NEW YORK (CIRCA) — When Owen Martinetti learned he was granted a license to grow and process cannabis, he was one semester away from graduating college. He was living in Queens, N.Y., and working in software at a fast food delivery company.
"I had no idea I was going to be growing hemp," he said.
Despite having zero prior experience working with weed and knowing very little about hemp-derived CBD — a natural strain of cannabis that's legal to have and won't get you high — Martinetti, 23, and his two business partners dropped out of school and moved 140 miles outside of Manhattan to open Hemp Chain Farms and Naturae LLC.
They have joined about 100 farmers legally planting more than 3,000 acres of cannabis across New York.
"I had no idea I was going to be growing hemp."
Hemp On The Rise
Farmers around the country are shuffling to get into the cannabis industry in an effort to meet the growing demand for hemp and CBD oil for use in health and wellness. For example, last year, the U.S. cultivated more than 25,000 acres of hemp across 19 states. This year, that same acreage of hemp will be grown in North Carolina alone.
The global industrial hemp market size is expected to reach $10.6 billion by 2025, according to a report by Grand View Research, Inc. The Hemp Business Journal estimates the CBD market alone will grow to $2.1 billion in consumer sales by 2020 with $450 million coming from hemp-based sources.
"Our farmers are really excited about the opportunity," New York Farm Bureau's Public Affairs Manager Steve Ammerman told Circa. "Having industrial hemp as another diversification opportunity is a way to spread the risk around in their business if they choose to grow it."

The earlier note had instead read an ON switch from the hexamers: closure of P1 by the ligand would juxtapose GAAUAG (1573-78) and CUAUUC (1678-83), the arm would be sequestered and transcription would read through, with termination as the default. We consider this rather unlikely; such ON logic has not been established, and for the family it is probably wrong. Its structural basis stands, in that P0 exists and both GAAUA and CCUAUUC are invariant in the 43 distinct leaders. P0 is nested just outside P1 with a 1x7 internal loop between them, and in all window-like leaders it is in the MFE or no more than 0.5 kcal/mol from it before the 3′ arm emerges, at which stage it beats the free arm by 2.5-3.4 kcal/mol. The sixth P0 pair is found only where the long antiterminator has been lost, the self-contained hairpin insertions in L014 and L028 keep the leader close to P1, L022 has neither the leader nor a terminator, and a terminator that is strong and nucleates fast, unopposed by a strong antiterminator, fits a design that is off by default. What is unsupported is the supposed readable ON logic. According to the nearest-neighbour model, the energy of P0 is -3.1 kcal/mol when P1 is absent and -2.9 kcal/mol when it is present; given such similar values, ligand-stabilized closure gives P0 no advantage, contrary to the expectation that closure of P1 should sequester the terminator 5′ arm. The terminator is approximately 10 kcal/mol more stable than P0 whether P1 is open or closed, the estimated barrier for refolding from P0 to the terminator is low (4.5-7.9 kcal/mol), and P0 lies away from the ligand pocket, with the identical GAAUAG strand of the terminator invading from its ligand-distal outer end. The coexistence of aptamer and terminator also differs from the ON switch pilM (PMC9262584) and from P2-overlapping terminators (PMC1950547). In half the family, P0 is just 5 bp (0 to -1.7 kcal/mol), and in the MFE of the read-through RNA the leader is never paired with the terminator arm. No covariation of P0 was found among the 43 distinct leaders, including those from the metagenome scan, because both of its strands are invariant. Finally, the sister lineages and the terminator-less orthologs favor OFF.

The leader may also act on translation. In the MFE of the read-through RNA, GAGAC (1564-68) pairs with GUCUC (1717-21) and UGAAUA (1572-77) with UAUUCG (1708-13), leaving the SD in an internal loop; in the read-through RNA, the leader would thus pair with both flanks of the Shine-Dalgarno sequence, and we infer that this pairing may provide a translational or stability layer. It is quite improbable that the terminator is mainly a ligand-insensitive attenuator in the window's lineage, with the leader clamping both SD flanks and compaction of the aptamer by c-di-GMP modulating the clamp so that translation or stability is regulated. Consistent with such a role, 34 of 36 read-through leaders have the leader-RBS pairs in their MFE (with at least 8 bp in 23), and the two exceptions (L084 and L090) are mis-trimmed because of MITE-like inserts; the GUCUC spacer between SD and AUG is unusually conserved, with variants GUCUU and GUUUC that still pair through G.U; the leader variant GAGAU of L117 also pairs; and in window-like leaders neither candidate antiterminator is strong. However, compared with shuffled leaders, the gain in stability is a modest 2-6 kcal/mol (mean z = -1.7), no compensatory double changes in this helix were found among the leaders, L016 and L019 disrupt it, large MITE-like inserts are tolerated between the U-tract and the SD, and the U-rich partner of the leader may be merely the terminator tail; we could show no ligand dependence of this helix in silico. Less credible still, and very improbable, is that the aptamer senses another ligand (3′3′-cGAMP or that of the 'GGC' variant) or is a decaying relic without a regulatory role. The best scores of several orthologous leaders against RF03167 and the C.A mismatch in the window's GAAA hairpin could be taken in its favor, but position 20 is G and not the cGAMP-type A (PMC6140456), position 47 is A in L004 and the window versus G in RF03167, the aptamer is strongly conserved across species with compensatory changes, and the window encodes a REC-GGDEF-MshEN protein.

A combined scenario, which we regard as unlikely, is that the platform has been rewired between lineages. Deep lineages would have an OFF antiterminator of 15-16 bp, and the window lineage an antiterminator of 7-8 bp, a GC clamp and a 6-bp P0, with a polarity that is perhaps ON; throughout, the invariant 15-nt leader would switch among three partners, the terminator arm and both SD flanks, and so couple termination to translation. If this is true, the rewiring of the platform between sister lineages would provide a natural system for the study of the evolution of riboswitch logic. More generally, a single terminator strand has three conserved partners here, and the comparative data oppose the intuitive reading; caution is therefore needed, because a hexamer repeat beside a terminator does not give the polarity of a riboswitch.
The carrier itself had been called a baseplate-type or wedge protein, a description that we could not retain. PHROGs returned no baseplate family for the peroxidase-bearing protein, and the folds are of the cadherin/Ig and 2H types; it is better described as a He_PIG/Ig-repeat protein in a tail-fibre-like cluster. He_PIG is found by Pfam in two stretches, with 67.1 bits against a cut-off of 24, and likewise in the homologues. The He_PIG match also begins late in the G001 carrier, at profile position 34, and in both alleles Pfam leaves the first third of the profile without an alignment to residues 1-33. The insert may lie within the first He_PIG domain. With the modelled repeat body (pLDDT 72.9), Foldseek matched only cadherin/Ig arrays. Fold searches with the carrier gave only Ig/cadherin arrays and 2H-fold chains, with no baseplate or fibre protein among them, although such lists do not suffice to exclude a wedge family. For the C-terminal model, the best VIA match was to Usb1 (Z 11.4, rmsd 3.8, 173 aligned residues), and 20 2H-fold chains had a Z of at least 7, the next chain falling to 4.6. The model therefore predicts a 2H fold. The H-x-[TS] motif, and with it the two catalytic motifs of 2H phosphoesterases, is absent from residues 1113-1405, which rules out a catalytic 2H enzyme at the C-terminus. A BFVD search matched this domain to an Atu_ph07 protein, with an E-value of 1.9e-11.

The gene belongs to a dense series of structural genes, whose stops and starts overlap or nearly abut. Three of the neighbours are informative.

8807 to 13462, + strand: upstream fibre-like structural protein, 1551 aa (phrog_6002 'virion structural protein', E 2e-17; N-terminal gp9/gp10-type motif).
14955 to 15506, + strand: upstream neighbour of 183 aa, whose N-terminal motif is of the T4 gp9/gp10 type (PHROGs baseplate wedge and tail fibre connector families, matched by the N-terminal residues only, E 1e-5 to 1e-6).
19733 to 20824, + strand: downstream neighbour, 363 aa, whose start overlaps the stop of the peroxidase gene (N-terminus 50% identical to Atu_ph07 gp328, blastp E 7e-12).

Mitigating Mother Nature's Threat
Mother Nature is a major concern for most farmers, but it poses a unique threat for hemp farmers, because they do not have access to federal crop insurance under the current Farm Bill, which sets parameters over what crops and commodities are eligible for farm insurance. Industrial hemp is not yet eligible.
"Let's say it hailed and destroyed our entire crop. We're done," Martinetti said.
The New York Farm Bureau and others like it are hoping the Department of Agriculture legalizes industrial hemp across the board and establishes a federal crop insurance program that does not yet exist for farmers looking to get involved.
"It's just one more tool that farmers can use that will help them invest in industrial hemp moving forward and have some kind of safety net in case the need should arise," Ammerman said.
New Kids On The Block
Risks aside, the Naturae crew is eager to get into the hemp industry.
Naturae, opened in 2017, makes full spectrum and distillate products sold to other retailers who want to make their own products, like tinctures, liquid gel caps, salves and drinks.
"Anything that you can put CBD into. We're going to be supplying oil," Martinetti said. Naturae is projected to have a revenue between $3 million and $7 million in its first year.
"We went with hemp, because there's no age limitations," Naturae Chief Strategy Officer Nicolas Guarino told Circa. "It's helping kids with seizures, it's helping older people with cancer. Dogs and pets and children can consume hemp as opposed to marijuana."